If Belarus falls, or if developments there provoke a Russia-West confrontation, the domestic situation in Russia will be affected immediately. The country will be unable to develop a market economy and democracy if it is involved in a confrontation with the West.

The West will most probably not intervene in Belarus and the republic will remain allied to Russia. In this case, the West will take its "revenge" in Ukraine, the Baltic states and Georgia, and try to win over Azerbaijan and Armenia. Russia and Belarus will be completely surrounded by NATO countries.

NATO is neither an adversary nor a friend for Russia; it is a partner and, though the two sides disagree on some points, they also have many areas of interaction. But they will have to forget about it if Belarus is hit by a "color revolution."

If Russia develops relations with the opposition leaders of Belarus in good time (and some of them are living overseas), a choice between "Belarus with Lukashenko and with Russia" and "Belarus without Lukashenko and without Russia" will not figure on the agenda. But this would mean skating on very thin ice, because Lukashenko has actually outlawed the opposition. To develop contacts with it would mean acting against Lukashenko as the incumbent president. This would be difficult.

Revolutions, even such bloodless ones as recent color revolutions in former Soviet republics, cannot develop without a breeding ground. They need an ineffective and unpopular regime that is not supported by the vast majority of the people. For example, Ukraine was almost split by the time of its "orange revolution."

When half of the population does not support the regime, this is an alarming sign. It is a dangerous moment when external forces can influence the situation. Opinion polls show that the majority of the population and the political elite in Russia are more pro-etatist than the president. And no liberal revolution can happen here. On the contrary, nationalists and the radical Left might take to the streets, but not the rightwing forces.

Besides, we must not forget history: In the 1990s the right-wing liberals, who held ranking posts in the Russian power structure, if not directly ruled it, failed to carry through the reforms. This left people disillusioned. There was nothing of the kind in Ukraine or Belarus.

Russia must decide with whom it will work. In my opinion, it should work with the West and above all Greater Europe. Its relations with NATO should be promoted to a stage where Russia will not fear the accession of its close neighbors to the bloc. In other words, NATO should cease to become a hostile organization for Russia, but this depends both on NATO and Russia.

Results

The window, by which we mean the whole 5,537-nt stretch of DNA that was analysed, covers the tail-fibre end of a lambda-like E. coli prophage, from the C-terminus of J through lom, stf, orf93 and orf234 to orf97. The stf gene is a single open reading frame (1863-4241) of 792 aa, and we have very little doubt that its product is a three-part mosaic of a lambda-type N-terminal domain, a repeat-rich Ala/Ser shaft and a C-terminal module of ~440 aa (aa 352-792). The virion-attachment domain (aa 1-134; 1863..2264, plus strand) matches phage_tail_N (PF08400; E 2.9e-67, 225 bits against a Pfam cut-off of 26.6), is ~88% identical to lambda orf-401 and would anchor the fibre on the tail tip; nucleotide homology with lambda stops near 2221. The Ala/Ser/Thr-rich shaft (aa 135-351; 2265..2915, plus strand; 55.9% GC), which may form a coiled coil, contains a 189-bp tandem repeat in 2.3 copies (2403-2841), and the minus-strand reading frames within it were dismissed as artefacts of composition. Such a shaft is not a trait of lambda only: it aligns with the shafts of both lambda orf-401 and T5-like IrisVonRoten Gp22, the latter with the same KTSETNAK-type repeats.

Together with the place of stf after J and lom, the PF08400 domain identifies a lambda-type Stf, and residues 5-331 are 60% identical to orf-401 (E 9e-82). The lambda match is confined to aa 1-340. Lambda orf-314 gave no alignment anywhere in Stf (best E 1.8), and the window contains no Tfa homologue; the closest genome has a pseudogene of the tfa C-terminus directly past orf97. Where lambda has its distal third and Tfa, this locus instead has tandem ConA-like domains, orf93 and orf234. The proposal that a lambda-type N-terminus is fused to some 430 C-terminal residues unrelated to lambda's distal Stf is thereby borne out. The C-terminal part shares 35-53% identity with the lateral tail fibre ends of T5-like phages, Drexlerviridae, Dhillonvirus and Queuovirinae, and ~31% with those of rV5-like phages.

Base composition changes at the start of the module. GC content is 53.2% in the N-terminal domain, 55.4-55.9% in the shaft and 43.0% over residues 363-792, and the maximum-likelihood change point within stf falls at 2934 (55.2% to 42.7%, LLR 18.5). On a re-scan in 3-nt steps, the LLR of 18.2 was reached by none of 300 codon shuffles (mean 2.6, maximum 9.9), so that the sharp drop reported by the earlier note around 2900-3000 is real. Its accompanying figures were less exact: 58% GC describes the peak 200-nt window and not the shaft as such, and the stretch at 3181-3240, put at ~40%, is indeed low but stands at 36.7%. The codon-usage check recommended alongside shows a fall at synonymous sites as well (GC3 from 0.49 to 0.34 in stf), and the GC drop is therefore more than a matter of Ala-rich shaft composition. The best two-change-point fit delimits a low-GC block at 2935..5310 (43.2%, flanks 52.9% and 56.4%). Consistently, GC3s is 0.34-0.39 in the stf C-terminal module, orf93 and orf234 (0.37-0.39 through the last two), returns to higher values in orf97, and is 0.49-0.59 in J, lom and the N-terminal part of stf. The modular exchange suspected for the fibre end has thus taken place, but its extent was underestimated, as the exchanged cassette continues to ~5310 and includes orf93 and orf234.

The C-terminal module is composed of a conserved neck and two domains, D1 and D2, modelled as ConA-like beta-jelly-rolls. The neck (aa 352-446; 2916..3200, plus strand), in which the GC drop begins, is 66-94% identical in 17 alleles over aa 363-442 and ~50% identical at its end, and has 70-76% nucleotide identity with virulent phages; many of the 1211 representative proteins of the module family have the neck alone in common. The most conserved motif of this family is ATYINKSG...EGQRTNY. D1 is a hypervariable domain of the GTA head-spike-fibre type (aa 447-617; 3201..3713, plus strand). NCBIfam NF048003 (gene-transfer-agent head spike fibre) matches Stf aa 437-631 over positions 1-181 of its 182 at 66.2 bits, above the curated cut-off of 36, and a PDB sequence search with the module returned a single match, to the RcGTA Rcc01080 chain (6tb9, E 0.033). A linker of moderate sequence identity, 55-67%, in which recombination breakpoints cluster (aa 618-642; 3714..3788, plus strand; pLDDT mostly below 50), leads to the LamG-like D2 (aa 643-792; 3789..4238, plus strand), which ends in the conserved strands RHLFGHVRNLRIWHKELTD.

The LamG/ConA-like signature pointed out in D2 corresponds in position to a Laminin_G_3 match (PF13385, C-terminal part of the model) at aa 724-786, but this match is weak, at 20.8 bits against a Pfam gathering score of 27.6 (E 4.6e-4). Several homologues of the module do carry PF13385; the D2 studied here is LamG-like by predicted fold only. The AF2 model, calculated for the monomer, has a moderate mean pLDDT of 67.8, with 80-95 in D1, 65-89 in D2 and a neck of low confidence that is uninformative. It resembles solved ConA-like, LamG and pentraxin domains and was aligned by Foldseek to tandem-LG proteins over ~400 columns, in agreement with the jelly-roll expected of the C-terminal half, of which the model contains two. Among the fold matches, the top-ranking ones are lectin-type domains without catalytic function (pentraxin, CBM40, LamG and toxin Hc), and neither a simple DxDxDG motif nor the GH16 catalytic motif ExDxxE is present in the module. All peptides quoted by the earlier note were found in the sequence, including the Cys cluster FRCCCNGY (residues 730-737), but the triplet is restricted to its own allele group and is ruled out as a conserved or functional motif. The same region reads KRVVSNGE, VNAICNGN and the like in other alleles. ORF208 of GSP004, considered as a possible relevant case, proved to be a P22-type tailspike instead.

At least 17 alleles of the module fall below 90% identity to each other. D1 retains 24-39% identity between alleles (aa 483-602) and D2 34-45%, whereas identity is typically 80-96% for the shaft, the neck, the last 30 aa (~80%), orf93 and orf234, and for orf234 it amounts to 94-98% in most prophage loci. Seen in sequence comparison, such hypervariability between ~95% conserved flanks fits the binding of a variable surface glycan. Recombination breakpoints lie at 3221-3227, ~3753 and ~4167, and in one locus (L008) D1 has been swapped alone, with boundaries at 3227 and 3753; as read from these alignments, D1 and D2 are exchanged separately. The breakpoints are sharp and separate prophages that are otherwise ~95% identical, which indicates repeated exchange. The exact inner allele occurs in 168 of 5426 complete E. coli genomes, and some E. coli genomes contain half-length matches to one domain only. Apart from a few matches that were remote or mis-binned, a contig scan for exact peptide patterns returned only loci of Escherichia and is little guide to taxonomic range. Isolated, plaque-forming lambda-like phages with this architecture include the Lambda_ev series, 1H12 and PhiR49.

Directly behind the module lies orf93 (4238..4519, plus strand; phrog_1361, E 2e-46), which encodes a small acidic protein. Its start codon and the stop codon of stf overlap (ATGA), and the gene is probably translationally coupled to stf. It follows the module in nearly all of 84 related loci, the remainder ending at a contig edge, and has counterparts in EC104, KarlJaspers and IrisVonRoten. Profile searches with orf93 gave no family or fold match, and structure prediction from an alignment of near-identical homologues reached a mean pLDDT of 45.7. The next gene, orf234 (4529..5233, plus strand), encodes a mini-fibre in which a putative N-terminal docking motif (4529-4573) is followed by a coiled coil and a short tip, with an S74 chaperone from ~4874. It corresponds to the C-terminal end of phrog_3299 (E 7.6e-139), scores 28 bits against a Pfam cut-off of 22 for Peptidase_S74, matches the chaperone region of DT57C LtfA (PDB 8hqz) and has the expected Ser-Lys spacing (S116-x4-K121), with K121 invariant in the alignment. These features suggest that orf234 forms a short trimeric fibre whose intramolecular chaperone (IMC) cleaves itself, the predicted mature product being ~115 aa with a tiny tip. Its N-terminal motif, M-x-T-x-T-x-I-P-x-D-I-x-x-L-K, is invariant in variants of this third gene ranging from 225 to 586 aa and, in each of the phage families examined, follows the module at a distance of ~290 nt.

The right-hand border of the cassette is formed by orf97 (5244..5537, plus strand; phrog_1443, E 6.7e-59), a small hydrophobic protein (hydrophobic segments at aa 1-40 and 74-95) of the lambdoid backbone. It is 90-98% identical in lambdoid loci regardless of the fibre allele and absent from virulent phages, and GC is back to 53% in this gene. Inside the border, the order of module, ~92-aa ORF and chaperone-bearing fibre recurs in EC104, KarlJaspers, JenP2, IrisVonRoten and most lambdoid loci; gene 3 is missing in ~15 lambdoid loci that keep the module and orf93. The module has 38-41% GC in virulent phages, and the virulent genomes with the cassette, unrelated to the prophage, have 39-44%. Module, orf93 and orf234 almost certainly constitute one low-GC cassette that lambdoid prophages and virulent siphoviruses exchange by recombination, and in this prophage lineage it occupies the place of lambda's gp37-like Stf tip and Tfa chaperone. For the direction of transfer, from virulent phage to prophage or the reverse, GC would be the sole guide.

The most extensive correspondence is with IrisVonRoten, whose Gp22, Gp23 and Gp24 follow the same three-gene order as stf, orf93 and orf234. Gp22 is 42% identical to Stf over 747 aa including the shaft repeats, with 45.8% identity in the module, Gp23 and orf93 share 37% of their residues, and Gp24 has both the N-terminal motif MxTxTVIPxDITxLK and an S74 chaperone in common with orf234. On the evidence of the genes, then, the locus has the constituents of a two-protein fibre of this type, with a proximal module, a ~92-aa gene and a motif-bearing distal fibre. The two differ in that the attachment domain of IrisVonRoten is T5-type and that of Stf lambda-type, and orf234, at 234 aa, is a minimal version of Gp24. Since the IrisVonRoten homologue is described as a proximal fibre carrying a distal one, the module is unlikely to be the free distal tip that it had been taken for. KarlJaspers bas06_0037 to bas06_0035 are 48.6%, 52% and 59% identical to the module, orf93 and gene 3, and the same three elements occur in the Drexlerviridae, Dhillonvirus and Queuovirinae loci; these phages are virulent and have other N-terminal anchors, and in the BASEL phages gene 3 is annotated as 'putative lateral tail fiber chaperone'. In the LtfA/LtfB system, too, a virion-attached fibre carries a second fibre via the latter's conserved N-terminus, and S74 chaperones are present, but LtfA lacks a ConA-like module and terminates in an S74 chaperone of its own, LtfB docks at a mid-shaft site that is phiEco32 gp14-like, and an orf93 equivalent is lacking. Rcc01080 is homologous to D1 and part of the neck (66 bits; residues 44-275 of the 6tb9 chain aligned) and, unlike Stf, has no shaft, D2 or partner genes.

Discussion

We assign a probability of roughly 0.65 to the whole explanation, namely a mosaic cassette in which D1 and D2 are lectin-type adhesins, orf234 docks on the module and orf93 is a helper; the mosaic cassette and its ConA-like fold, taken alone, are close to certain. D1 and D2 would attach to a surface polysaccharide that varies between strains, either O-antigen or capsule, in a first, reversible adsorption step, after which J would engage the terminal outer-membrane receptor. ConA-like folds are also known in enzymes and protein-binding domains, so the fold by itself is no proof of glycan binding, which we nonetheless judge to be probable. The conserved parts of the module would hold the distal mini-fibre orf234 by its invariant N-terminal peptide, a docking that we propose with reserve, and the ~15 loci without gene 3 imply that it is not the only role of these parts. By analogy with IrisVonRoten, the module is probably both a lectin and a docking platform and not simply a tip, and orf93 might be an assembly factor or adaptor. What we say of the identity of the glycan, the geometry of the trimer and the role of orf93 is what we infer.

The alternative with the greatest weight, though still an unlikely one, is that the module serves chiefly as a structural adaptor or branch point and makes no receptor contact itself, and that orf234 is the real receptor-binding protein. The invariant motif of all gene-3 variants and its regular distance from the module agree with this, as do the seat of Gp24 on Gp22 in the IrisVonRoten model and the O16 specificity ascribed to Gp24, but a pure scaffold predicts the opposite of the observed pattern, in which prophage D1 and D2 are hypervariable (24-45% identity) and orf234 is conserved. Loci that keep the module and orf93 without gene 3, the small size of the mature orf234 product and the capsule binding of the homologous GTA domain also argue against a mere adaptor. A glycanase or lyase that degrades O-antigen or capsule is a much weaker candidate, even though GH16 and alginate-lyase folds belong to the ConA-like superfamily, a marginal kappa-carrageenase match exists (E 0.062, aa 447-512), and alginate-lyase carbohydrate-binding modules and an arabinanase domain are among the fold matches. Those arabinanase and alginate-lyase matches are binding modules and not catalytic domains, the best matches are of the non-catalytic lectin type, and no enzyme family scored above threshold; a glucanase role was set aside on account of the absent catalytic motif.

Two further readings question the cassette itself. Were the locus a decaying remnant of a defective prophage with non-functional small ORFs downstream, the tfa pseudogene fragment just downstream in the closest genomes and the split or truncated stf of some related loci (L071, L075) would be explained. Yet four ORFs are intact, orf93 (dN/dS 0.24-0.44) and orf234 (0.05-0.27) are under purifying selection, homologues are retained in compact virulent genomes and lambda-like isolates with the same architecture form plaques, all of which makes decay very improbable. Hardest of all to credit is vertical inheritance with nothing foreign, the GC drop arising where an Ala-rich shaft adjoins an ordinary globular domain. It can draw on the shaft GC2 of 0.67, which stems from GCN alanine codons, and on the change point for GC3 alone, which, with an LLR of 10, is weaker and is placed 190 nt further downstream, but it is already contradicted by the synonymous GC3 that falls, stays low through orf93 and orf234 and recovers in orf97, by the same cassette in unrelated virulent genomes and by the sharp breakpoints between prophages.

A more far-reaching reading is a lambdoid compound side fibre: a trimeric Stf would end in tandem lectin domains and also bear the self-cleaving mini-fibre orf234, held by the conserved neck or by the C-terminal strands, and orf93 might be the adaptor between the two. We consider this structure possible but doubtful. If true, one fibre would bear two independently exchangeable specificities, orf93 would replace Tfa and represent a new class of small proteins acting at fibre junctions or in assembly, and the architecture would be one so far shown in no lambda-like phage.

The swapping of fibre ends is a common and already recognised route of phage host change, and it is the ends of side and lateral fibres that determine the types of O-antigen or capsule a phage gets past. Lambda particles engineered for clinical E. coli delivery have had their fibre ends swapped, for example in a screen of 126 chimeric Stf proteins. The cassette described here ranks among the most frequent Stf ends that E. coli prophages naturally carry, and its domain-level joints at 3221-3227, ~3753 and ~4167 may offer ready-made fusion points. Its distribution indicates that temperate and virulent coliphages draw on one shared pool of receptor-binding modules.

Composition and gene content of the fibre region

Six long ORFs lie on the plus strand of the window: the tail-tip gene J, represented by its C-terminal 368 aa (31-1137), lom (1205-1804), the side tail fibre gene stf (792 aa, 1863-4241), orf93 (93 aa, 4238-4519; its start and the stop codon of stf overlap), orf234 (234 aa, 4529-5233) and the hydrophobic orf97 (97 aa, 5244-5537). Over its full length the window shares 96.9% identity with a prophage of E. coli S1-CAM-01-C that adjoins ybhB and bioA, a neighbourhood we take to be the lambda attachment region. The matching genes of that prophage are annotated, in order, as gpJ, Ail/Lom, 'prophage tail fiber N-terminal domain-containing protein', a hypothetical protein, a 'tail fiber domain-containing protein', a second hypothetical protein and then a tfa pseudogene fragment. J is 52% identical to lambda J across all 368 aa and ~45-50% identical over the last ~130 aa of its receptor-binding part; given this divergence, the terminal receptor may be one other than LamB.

Their relations are crawling rather than moving, largely because of Russian ministries, including defense ministry, but also because of the West's unclear approach to Russia. The West does not want to outline unambiguous and lasting relations for NATO and the EU with Russia. Better and deeper relations may be not a goal but a process. Yet every process should have a goal, otherwise current policy will be reduced to tactical steps that completely overshadow strategy.

(Alexei Arbatov is a non-voting member of the Russian Academy of Sciences, and head of the International Security Center at the IMEMO Institute of World Economy and International Relations of the RAS. The opinions expressed in this article are those of the author and may not necessarily represent the opinions of the RIA Novosti editorial board. This article is reprinted by permission of RIA Novosti.)

Source: Alexei Arbatov; Washington Times; May, 31, 2005; www.washingtontimes.com

15. Lukashenko to Accept Credentials of Ambassadors from Bulgaria, Iceland and Burkina Faso
On June 7, the president of Belarus, Aleksandr Lukashenko will accept the credentials of ambassadors from Bulgaria, Iceland and Burkina Faso, the President’s press service informed the Belta news service.

Belarusian-Bulgarian trade and economic relations are developing quickly. From January-March 2005, trade between the two countries was 9.2 million US dollars, a 17.7% increase compared to the same period last year. Belarusian exports have grown by 25% (5.3 million US dollars).

Trade between Belarus and Iceland from 2000 to 2004 increased by more than 15 times, comprising 32.9 million US dollars. Belarus exports carbonaceous steel to Iceland and imports frozen fish, fish fillet, crustaceans, and meat products.

[Text translated by the Editor]

Source: BelaPAN; June 6, 2005; www.naviny.by

HUMAN RIGHTS & INDEPENDENT MEDIA

16. Gil-Robles does not believe that Belarus is a Democratic State
“Belarus does is not a democratic state, because if it were one, then it would have been a member of the European Union,” stated Gil-Robles in a press conference in Moscow on Friday.

He emphasized that if Belarus hopes to become an EU member, it should uphold the principles outlined in the European Convention.

“All of us are ready to help Belarus undertake various measures so that it can truly become a democratic state, and not just use pretty words about democracy,“ said the Council of Europe commissioner. In his opinion “it is impossible to accept” the existing problems in Belarus.

[Text translated by the Editor]

Source: Gazeta.ru; May 27, 2005; www.gazeta.ru

17. Belarus Students Go on Hunger Strike
As the regime of Belarus President Alexander Lukashenko cracks down on democratically-minded students, the country's youth are taking to hunger strikes to ensure they have the right to continue their educations.

Long know for its repressive tactics, Lukashenko's government has banned non-governmental organizations (NGO) and independent media in the former Soviet republic from including the words "Belarus" or "national" in their titles. Two opposition leaders have also just been condemned to two years of hard labor for allegedly "violating public order" when they staged a rally against Lukashenko in 2004.

Such actions have earned Lukashenko stinging criticism from the West for suppressing freedom of speech and freedom of the press. But now, young people from Belarus are also voicing their own strong criticism of the authoritarian regime.